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When Patrick Lai, CEO of Hong Kong-based Cycle Link International, presented at the 2017 Paper & Plastics Recycling Conference (PPRC) in Chicago, he talked about China’s plans to place restrictions on imported recovered paper quality. At that time, China had announced plans to accept only 0.5 percent prohibitives in imported recovered paper bales.

However, he said attendees weren’t certain whether the 0.5 percent prohibitives threshold was possible and if China would really enforce that standard.

Two years later, it’s clear that China was very serious about the standards it introduced in 2017.

Lai presented again at the 2019 PPRC in Chicago, discussing China’s demands for recovered paper. He said the quality of recovered paper going to China has “highly improved” since 2017 and most bales are at or below the 0.5 percent threshold.

China was true to its word about the quality demands it set, so it’s almost certain that nation will remain true to its word and decrease recovered paper import licenses to zero by the end of 2020, Lai added.

Picture in China

During the session titled Eastward Bound at the 2019 PPRC, Marc Ehrlich, owner of Switzerland-based Vipa Group, moderated a discussion among three panelists—including Lai—who each offered some insights into the changing dynamics for recovered paper in China.

Lai shared numbers to indicate just how quickly China has decreased its recovered paper imports in the past year. China imported about 14.5 million tons of old corrugated containers (OCC) in 2018, and that number decreased to about 8 million tons in 2019.

Lai also estimated that China likely would import a total of 12 million tons of all recovered paper grades by the end of 2019. By next year, he said, China likely would import only 7 million tons of recovered paper “at most.”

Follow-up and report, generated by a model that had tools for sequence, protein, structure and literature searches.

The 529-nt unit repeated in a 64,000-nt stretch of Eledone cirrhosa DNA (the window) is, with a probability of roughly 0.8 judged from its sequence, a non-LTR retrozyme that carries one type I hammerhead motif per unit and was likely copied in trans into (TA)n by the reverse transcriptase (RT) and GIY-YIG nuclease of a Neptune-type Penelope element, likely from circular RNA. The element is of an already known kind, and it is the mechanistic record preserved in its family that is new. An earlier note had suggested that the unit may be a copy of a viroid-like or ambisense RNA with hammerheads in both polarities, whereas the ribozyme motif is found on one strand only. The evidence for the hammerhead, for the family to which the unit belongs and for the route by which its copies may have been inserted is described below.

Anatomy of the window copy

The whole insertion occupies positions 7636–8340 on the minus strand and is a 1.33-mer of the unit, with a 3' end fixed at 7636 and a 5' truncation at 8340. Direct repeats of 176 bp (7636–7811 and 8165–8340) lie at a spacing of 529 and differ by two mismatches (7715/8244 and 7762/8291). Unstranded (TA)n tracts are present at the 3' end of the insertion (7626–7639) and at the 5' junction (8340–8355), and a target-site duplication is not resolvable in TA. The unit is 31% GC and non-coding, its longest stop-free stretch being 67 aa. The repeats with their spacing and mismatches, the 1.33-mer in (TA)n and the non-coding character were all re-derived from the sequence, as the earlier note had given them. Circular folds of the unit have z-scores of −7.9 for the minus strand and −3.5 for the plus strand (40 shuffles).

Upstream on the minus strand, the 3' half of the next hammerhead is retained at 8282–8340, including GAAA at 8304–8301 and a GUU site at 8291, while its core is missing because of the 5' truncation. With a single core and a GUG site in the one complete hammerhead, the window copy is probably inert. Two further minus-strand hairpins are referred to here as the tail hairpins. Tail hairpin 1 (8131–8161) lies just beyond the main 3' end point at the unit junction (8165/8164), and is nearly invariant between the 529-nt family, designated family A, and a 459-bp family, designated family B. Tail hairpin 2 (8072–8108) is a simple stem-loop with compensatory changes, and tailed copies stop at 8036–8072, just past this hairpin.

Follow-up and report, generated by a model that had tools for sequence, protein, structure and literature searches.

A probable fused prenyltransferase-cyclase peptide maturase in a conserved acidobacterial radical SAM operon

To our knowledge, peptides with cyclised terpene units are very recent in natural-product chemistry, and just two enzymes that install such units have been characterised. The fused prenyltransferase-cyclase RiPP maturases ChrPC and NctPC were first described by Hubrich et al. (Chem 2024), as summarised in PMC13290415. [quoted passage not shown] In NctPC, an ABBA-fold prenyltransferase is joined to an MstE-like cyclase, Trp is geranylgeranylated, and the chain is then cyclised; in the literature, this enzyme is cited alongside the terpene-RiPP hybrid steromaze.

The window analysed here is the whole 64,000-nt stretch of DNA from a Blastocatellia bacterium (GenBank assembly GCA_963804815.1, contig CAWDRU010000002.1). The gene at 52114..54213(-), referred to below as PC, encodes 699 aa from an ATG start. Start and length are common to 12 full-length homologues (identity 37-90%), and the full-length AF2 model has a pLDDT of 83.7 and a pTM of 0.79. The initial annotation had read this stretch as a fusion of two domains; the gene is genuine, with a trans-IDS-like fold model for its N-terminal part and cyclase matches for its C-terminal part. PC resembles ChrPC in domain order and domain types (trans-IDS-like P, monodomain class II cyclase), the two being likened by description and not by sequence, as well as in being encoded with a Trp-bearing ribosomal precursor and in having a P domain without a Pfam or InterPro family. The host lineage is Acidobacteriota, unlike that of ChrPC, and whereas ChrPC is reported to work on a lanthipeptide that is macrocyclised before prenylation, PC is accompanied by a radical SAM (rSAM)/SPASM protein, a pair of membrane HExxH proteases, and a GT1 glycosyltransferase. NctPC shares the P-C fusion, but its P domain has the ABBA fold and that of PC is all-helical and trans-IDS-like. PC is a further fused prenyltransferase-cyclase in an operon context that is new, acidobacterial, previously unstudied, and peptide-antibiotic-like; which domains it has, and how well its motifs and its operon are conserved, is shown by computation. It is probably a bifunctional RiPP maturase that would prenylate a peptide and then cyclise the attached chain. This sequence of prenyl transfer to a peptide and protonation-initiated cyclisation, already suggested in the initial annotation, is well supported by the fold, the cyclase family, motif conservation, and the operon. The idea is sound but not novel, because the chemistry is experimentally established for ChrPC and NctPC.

Dynamics are changing with China's paper mills, too. Lai reported that the top 10 paper mills in China likely are going to add recovered paper consumption capacity, while smaller mills will slowly disappear. He said much of that has to do with quality.

Panelist Firoz Nathani, president of New Jersey-based Mehali Inc., said about 75 percent of all U.S. recovered fiber shipments were destined for China in 2016.

“In 2016, if four containers were to go out [of the U.S.] with waste paper, three of those were destined for China, and only one was destined to go to any other country in the rest of the world,” Nathani said. “So, it should come as no surprise that when China announced that they were going to get out of waste paper by 2021 that we are going to have a big crisis in terms of demand.”

China’s shifting mill operations

China remains a major producer of corrugated boxes and containerboard. Although China is going to reduce its recovered paper imports in 2020, it likely will still import recycled pulp to feed its mills. Additionally, a number of China’s paper producers have had to shift their pulping and containerboard mill operations overseas. Therefore, trade opportunities for recovered paper are expected to emerge in other parts of the world, particularly in Southeast Asia.

In the last two years, Lai reported that some of China’s top paper mills have started to make investments in North American mills. For instance, Shanying International has invested in the Phoenix Paper LLC mill in Wickliffe, Kentucky, which is estimated to have an annual capacity of about 700,000 tons of postconsumer cardboard and mixed paper. Also, China-based Nine Dragons has invested in paper mills in Maine, West Virginia and Wisconsin that will be able to consume recycled pulp.